07/20/2016 4:32PM

Valenzuela denied jockey’s license by California Horse Racing Board

Barbara D. Livingston
Patrick Valenzuela has been denied a jockey's license by the California Horse Racing Board.

DEL MAR, Calif. – Jockey Patrick Valenzuela has been denied a jockey’s license by the California Horse Racing Board, ending a months-long quest to resume his troubled career on the West Coast.

Wednesday, the racing board announced that it had adopted the recommendation of hearing officer Patrick Kane who proposed Valenzuela be denied a license for repeated violations for substance-abuse issues in his career. Kane recommended that Valenzuela reapply for a license in a year and that he undergo drug and alcohol testing on a weekly basis in the interim.

Valenzuela has an active exercise rider’s license and will be permitted to continue working in that capacity. In a brief phone conversation Wednesday afternoon, Valenzuela did not comment on the racing board’s decision. He sought a license to ride at the current Del Mar summer meeting, which began last Friday.

Valenzuela, who has not ridden since February in Louisiana, was denied a request for a jockey’s license by the racing board in March. He appealed the decision, resulting in a hearing with Kane in April. The racing board reached its decision in an executive session July 14 at Del Mar after reviewing Kane’s proposed decision.

The racing board had the option of accepting, rejecting, or modifying Kane’s proposal, which was presented to the board in late June.

According to a one-page statement released by the racing board, Kane’s proposed decision included several references to substance-abuse problems that have interrupted Valenzuela’s career.

“This Officer cannot ignore the number of chances the CHRB previously gave” Valenzuela, Kane wrote. “It should be noted that since 2000, [Valenzuela] has what this Officer considers 15 major rule violations and/or convictions.”

Kane said he was “encouraged” that Valenzuela did not have substance-abuse violations in the last six months, but stated “a six-month record free of violations fails to demonstrate adequate rehabilitation in light of [Valenzuela’s] numerous past transgressions.”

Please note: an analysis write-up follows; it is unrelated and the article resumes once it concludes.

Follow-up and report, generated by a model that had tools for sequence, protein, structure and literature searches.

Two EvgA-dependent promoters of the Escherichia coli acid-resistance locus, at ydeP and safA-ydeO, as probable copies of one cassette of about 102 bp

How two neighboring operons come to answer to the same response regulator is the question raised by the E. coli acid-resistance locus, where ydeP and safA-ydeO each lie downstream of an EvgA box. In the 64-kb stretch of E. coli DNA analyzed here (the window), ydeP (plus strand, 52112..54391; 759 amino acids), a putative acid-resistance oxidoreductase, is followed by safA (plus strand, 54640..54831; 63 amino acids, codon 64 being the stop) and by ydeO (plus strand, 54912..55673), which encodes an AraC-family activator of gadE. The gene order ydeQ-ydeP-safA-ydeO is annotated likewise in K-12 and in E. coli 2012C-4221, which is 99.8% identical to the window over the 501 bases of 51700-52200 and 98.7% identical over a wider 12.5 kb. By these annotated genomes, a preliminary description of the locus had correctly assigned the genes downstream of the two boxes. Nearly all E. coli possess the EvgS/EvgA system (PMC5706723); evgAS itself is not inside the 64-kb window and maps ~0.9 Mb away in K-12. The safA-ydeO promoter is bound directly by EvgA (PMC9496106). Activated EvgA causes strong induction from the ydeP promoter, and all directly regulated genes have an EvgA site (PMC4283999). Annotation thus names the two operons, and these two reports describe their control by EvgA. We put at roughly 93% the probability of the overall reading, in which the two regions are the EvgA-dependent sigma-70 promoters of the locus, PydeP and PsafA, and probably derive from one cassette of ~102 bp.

Before he potentially reapplies for a license in 2017, the racing board has ordered Valenzuela undergo counseling with the Winner’s Foundation, which provides people in California racing assistance with alcohol- and substance-abuse problems.

Valenzuela, 53, has won 4,366 races, including the 1989 Kentucky Derby on Sunday Silence.

In recent weeks, Valenzuela has been exercising horses at Santa Anita with the goal of resuming his career.

Valenzuela has not ridden in California since early 2014.

Valenzuela lost a request to be reinstated as a jockey in California in July 2015 after he was suspended by Santa Anita stewards in March 2014 for failing to appear to ride on consecutive days at Santa Anita in January 2014.

At the time, the stewards stated Valenzuela should not be reinstated in any capacity.

Valenzuela appealed the decision to a hearing officer who recommended the rider be reinstated. The racing board rejected the decision, but allowed Valenzuela to hold an exercise rider’s license in the state. The decision was reached in a stipulated agreement between the rider and racing board. At the time, Valenzuela was not eligible to ride races through the term of his California license, which expired last October.

Valenzuela rode in Louisiana last fall and winter because he had a valid license in that state. Valenzuela won 19 races in Louisiana and Texas from late November to late February. He stopped riding in late February because of a hand injury, he said in late June.